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. Last Updated: 07/27/2016

U.S. Expects Little Result At Summit In Moscow

U.S. officials poured cold water on expectations for any big breakthroughs at next week's summit on nuclear safety, which will bring the heads of the Group of Seven leading industrialized nations and President Boris Yeltsin together in Moscow.

"In my sense, there are no problems that will be solved at the summit," Joseph Pilat, a U.S. negotiator and scientist from the Los Alamos Laboratory, said at a news conference Friday.

"I expect no major treaties or initiatives to arise from the summit to be held here in Moscow," he said in remarks reported by the Federal News Service.

But Pilat said a "strong political endorsement for the need to solve these problems" was likely to emerge from the summit, which will include leaders of Canada, Britain, France, Italy, Germany and Japan as well as Russia and the United States.

The Yeltsin administration, facing a tough presidential election challenge in June from the Communists, is doing its best to play up the summit's significance. Routinely referring to it as a meeting of the vos'myorka -- or G-8 -- officials clearly see it as a chance for Yeltsin to perform on the world stage in Moscow.

Yeltsin has been invited to the last four G-7 summits as an informal participant in political discussion but not on the economic side. He has increasingly pushed for full membership in the elite club. The U.S. Embassy is referring to the meeting as the "P-8 Summit on Nuclear world," Ryurikov said.

Apart from the summit, Yeltsin will hold one-on-one meetings with each of the leaders, including a special "working visit" with U.S. President Bill Clinton on April 21, Ryurikov said. Both Yeltsin and Clinton are running for re-election this year, and Ryurikov said the visit would benefit their election chances.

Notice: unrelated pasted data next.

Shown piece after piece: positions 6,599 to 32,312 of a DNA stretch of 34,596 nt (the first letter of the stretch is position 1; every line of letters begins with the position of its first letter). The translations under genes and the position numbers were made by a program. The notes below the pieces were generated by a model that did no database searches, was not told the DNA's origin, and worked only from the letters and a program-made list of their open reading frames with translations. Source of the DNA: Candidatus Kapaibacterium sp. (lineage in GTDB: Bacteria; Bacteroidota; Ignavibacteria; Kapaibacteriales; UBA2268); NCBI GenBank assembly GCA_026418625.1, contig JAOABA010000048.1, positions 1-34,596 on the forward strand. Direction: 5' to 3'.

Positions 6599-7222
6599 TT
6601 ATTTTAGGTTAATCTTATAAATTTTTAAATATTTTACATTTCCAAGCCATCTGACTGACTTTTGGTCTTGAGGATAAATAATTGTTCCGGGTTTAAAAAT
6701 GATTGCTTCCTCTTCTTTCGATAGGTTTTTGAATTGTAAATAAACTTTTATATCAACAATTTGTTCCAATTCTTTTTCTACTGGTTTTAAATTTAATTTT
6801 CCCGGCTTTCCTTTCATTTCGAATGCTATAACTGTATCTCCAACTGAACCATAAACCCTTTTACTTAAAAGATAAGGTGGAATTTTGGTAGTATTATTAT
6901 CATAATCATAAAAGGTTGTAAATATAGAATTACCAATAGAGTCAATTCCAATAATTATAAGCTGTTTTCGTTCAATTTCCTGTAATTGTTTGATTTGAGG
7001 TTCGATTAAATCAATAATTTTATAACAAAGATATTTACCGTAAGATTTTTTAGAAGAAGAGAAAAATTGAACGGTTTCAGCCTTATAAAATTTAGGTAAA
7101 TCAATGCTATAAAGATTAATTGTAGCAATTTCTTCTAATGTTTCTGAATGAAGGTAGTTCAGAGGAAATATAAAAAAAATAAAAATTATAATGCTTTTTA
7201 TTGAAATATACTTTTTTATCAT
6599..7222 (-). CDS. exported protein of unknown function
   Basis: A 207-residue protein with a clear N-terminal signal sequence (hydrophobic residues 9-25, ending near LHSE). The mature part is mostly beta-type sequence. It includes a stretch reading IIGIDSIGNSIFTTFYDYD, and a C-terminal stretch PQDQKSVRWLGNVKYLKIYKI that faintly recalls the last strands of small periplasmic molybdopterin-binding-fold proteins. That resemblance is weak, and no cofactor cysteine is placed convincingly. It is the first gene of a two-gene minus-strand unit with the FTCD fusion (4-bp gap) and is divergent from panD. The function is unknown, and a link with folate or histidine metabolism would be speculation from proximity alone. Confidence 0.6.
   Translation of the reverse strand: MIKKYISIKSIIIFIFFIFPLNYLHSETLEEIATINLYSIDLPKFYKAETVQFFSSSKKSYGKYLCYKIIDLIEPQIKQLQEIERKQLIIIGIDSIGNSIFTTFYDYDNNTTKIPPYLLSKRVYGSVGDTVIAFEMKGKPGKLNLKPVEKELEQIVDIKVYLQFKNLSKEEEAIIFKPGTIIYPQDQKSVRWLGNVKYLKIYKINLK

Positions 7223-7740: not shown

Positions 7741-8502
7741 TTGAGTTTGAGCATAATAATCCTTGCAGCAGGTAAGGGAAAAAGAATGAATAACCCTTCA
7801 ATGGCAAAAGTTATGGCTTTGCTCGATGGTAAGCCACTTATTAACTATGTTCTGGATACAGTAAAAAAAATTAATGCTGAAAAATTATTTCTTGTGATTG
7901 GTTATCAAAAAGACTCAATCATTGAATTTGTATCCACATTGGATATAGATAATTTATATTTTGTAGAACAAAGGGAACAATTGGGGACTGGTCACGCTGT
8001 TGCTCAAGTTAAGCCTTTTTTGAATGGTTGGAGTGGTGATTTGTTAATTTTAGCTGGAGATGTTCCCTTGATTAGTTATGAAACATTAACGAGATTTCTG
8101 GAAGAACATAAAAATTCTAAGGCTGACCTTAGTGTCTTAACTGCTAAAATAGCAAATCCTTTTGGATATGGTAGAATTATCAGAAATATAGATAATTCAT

Michael Newlin, an ambassador who is currently an adviser to the U.S. energy secretary, said Friday that a series of issues related to nuclear safety would be discussed at the summit, including nuclear-waste management, reform of the energy sector and conversion of nuclear-weapons material."All of these topics are important," he said. "In my own view, I think the smuggling and nuclear-materials accountability topics are the most important."

A deal has been signed under which the United States would buy about 500 tons of highly enriched uranium from Russia, removing it from the threat of diversion. But Pilat said negotiations on final details had not yet produced an agreement.

The eight leaders could turn their attention to international agreements on nuclear weapons, including SALT-II and the comprehensive test ban treaty, as well as the expansion of NATO.

Top Russian officials, including Yeltsin, have repeatedly said that a compromise remains possible on NATO's plan to admit countries from the former Warsaw Pact as long as the alliance did not move its military infrastructure toward Russia's borders.

But Ryurikov bluntly dismissed this. "It is true, Russia very firmly and decisively opposes the expansion of NATO," he said, adding that Russia was particularly insistent there be "no case in which the military machine of NATO moved toward Russia's borders, no movement of troops, infrastructure or nuclear weapons."

Pilat said the summit could "create a climate and a framework for addressing these difficult issues. All the signs now suggest that it will be a successful summit in this sense."